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Institute of Business Informatics - Communications Engineering
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Repertory Grids for Explicating Implicit Knowledge in Organizations: Method Development in Knowledge Management

This thesis is aiming at the development of a method for the elicitation of tacit knowledge in organisational knowledge management (KM). The main result ist a theoretically founded and empirically grounded procedure model for the application of Repertory Grids for knowledge elicitation purposes in organisations.
In oder to develop the procedure model, qulitative expert interviews were conducted. The interviews aimed at capturing practices of the method in use in organisational contexts. The (very) different action strategies have been condensed to five distinct procedure types. The following three main features characterise the application of Grids in organisations: 1) The chosen elements are either more heterogeneous, more atypical or more complex than traditional Grid usage. 2) Due to the alered element characteristics, the construct elicitation process requires alteration as well in order to make the elements comparable. 3) The work activity, in which the tacit knowledge is embedded, has a particular iimpact on the Grid elicitation process. These findings have been incorporated in the procedure model and in the theoretical foundation.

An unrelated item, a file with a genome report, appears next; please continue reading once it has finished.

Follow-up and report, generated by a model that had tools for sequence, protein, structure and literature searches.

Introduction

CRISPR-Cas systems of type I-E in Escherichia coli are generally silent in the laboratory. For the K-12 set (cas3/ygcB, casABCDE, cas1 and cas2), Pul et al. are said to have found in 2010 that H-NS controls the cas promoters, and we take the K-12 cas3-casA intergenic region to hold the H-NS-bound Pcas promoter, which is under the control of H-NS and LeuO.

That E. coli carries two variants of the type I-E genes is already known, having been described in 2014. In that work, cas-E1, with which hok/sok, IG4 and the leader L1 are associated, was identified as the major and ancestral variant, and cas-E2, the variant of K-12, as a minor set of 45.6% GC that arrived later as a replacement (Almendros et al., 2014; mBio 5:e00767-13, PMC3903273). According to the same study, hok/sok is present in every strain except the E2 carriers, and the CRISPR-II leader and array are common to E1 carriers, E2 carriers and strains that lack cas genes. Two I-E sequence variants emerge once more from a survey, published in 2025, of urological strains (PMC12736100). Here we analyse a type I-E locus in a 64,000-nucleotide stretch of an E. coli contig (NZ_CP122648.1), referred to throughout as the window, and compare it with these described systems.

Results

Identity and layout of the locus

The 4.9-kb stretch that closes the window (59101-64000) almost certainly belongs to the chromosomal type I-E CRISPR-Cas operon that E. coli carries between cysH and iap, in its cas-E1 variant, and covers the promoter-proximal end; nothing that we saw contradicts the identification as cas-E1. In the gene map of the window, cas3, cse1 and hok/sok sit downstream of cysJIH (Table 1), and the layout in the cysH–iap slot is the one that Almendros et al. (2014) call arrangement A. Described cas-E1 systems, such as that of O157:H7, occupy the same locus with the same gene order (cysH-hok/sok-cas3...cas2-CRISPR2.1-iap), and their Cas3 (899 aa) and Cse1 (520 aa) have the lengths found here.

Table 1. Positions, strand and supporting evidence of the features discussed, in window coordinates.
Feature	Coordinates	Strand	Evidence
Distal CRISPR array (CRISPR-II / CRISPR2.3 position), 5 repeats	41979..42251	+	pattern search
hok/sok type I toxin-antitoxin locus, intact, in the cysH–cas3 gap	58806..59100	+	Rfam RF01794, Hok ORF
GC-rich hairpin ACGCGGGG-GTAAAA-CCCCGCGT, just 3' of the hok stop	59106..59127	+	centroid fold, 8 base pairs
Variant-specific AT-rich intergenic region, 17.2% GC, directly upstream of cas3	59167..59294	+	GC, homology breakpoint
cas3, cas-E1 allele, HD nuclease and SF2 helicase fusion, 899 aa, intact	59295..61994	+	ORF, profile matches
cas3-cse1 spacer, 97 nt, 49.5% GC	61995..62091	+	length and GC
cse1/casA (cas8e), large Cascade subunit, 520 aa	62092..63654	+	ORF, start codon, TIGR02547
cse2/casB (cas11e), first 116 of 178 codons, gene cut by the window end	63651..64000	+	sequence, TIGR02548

Since the interview analysis showed a diverse rather than a unique picture of the Grid procedure, a theoretical framework for the elicitation process with Repertory Grids in KM has been developed. The framework is based on activity theory and an analysis of different activity theoretical variants from the field of organisational co-operation, knowledge, and learning.
Finally, the procedure model is derived from both, the empirical findings and the activity theoretical framework. Its design is presented by giving an overview of the consecutive phases and their interrelatedness and by detailing the concrete steps and the range of action pathways in every phase. The practical implementation of the methodological steps is demonstrated exemplarily.
Another essential contribution of this thesis concerns a systematic comparison of 21 knowledge elicitation methods that serves as the basis for the investigation of Repertory Grids. Additionally, the concept of externalisation was compared in six major KM models.
The implications of this thesis ara twofold: A) For KM practice, the thesis suggests a method with concrete guidlines enabling KM practitioners to elicit tacit knowledge. B) For KM research, it implies that Repertory Grids can be added to the empirical toolbox of KM research. For example, by using this method it will become possible to empirically investigate the role of implicit mental models in organisational knowledge and learning processes.

Dr. Jeannette Hemmecke